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Thursday, May 16, 2013

Experimenting with different delivery media for software release

In today's world, software applications can be released in multiple ways. A software application can be released on CD, can be released through a download from a website, can be made such that it is available to be distributed through various partners. All of these are possible configurations, but all of them need some amount of design and effort, and need to be part of the overall strategy for the release of the product.
Let us take each of these and work through different parameters such as ease of preparation, specific needs and customization abilities, and so on, including the cost of doing these.
The 4 main types of software release mechanisms that can be made are (others can be a type of customization of these):
- Release on a media such as CD/DVD. These are a continuation of the earlier strategy of releasing the software on floppy disks and the like. The software application needs to be made in a manner that it fits the DVD mechanism, typically some kind of ISO disk based structure. The software products that I have seen take a typical software installer and create a DVD installer from this structure (would need to even create different mechanisms for Win and Mac if required). CD/DVD are seen as something that are required if you are trying to sell your product through the normal retail mechanisms (through electronic retailers and even through online mechanisms - for example, you could go to and order a copy of the software you want, and the software DVD gets shipped to your address). The customer experience is the simplest in this kind of mechanism, whereby the customer pops in the DVD into the computer, a window pops up asking the user to click on a button (or a number of buttons), and the software gets installed onto the computer of the user.
A problem with this mechanism is that even after the software installer has been tested, there needs to be more testing of the DVD installer, which means that there is an additional level where problems can happen.
- Release through download. Preparing a DVD for the customer to buy has a certain cost. There is a cost to the media, there is a cost of the retail mechanism whereby the DVD needs to reach the customer, and software makers have come up with a mechanism whereby customers are invited to download a copy of the software from the website of the software maker or from other sites. Consider whereby has an option where the customer can opt to download the software from the site rather than asking for the DVD to be shipped to the address of the customer. This ensures that the customer does not have to wait for the DVD to reach their address, and then the problem of saving the DVD in a safe location for re-installation does not come into the picture since the installer is already in the computer of the customer.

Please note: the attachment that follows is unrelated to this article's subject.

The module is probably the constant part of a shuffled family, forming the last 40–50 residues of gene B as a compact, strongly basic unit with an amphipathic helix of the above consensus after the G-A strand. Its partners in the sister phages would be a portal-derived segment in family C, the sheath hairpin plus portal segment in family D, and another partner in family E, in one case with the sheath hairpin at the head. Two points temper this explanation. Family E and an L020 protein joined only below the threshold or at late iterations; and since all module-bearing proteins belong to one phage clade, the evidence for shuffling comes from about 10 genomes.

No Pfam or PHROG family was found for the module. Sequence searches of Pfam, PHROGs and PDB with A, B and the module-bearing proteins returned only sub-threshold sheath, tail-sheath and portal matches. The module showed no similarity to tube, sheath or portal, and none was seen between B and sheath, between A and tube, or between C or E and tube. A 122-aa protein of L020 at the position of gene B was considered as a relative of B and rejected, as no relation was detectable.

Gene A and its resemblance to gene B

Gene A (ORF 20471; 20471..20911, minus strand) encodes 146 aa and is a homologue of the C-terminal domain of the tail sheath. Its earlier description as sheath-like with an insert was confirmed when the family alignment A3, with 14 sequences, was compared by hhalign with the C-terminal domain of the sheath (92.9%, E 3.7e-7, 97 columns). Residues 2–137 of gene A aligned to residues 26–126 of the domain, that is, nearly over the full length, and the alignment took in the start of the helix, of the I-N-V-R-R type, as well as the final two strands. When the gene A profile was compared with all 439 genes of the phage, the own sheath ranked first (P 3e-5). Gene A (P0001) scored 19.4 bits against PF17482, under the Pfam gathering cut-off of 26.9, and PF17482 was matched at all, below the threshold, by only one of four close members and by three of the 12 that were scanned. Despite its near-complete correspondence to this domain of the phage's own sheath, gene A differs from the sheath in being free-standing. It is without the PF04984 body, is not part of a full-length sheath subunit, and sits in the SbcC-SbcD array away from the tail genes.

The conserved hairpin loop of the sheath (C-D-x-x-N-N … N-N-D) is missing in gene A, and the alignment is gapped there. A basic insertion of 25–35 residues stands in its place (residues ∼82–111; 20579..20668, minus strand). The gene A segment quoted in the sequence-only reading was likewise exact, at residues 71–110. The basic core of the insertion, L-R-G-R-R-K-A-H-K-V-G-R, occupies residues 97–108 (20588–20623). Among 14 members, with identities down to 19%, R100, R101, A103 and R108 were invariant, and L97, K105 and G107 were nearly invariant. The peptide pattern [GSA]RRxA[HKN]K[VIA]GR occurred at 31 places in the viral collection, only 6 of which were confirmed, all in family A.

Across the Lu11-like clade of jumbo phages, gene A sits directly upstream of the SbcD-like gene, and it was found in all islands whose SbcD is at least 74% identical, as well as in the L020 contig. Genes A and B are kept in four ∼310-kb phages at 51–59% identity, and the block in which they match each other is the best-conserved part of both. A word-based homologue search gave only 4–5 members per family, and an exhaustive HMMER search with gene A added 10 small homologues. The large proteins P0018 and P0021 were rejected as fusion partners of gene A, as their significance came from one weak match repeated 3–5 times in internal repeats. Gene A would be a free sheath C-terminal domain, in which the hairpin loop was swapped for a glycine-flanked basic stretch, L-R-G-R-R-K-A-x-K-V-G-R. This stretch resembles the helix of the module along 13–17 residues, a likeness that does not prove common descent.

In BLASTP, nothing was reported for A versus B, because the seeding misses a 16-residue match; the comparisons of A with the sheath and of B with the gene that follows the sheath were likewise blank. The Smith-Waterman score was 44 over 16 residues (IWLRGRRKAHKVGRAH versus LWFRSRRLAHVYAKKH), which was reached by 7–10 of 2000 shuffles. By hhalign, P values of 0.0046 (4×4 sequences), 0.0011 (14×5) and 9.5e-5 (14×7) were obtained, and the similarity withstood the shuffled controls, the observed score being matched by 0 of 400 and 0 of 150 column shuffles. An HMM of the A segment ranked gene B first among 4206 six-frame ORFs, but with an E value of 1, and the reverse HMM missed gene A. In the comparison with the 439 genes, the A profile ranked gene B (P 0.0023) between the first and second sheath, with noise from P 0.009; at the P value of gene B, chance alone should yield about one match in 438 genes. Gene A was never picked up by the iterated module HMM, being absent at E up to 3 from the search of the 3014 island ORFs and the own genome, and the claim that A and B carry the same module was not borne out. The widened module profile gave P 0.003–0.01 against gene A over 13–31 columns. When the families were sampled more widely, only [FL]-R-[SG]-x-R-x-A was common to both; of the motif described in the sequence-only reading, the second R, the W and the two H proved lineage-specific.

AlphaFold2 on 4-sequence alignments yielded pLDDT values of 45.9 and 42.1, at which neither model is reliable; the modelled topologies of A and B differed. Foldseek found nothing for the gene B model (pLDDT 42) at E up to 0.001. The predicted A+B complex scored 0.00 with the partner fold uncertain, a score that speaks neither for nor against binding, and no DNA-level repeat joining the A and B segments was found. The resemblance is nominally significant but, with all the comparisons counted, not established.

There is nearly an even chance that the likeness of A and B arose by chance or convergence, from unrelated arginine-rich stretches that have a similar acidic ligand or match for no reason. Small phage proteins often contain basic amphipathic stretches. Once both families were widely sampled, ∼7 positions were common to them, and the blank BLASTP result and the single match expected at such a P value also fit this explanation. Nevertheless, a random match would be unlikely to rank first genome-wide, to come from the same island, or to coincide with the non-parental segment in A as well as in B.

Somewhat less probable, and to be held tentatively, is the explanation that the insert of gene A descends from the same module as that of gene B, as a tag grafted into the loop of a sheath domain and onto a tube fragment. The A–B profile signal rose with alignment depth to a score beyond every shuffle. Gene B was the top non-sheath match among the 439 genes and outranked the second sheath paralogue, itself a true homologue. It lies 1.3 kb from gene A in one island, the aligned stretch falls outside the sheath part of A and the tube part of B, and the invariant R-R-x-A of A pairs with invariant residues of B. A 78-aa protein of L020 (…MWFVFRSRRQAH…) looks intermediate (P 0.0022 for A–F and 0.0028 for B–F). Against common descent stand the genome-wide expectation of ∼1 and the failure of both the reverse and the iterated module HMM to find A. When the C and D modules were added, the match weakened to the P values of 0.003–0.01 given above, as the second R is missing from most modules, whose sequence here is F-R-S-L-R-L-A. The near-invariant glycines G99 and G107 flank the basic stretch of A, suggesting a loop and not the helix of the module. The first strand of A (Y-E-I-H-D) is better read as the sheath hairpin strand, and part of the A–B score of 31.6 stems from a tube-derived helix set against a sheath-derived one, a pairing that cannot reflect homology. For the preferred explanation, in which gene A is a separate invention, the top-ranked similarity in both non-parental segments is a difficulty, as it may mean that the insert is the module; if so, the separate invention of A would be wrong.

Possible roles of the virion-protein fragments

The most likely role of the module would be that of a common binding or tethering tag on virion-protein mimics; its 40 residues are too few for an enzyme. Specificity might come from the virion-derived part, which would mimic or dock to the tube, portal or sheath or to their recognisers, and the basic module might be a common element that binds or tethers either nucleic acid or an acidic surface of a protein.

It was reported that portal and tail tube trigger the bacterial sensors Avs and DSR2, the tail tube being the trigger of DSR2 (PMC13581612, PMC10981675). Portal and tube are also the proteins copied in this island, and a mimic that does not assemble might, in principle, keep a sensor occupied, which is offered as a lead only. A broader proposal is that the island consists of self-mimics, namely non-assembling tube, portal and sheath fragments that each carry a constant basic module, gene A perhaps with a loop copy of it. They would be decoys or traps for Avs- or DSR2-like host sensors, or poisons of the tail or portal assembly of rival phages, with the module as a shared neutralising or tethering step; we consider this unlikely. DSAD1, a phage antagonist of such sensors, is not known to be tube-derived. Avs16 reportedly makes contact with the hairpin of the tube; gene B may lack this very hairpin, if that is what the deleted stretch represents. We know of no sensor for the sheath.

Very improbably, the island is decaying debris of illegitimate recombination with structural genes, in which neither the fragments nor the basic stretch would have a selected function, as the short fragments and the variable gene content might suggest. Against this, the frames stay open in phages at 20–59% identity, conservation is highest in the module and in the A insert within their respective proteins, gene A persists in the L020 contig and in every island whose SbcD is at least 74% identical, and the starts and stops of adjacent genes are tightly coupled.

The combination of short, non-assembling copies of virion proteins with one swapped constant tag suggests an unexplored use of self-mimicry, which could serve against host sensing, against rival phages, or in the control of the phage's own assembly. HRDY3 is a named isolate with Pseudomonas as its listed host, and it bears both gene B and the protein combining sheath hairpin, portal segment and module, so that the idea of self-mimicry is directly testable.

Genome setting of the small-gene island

Even in this case, the base application installer does need an additional mechanism to provide an interface for the software download process. This is even more important when the software is huge, greater than 500 MB, since you would need to provide a mechanism for the customer to be able to resume the download if it fails during the download process. On the other hand, if you are making a software that is small and is available on websites that provide a large number of software, there may be the need to make some customization in the software installer to be compatible with such mechanisms.
- An option for both the first and second mechanism is to provide a check whereby the software will only work after there is some online verification of the software. These are part of the steps to prevent piracy of the application, and depend on the software application reaching out from time to time to a online verification mechanism on the website of the software maker. Such a mechanism ensures that the software maker can keep on verifying that the software has not been installed on more computers than required. In fact, if you read the recent announcement from a large maker of software, Adobe Systems, it will stop providing users with a physical software mechanism and only use a combination of online delivery with online verification.
- Another distribution mechanism is to provide the software with other software. For example, anti-virus software and other software such as Adobe Reader are available on most new computers and even available with other software that you install. In such cases, the installer that the software makers provide has to have a mechanism for customization. A simple example is where an anti-virus software is distributed along with all Dell machines. These are trial versions of the anti-virus software, and when you decide to purchase, Dell gets a cut of the cost of the software that the customer has paid. For ensuring that this sort of mechanism is in place, the software installer needs additional options, and this means additional effort during the development of the software as well as the testing of the same. However, since such distribution can be a good proportion of overall sales, it is necessary to do the same.
- Another recent mechanism of distribution is the App Store. The app stores for Android and iPad / iPhone are most famous, but there are others as well. Even software for the Mac can be sold through the Mac App Store, and to be available on this distribution mechanism, there could be the need of making significant changes in the software installer. In our case, because of the restrictions that were in place, it was an altogether new project which leveraged what we were doing but needed significant new effort. However, the additional revenue was worth it. 

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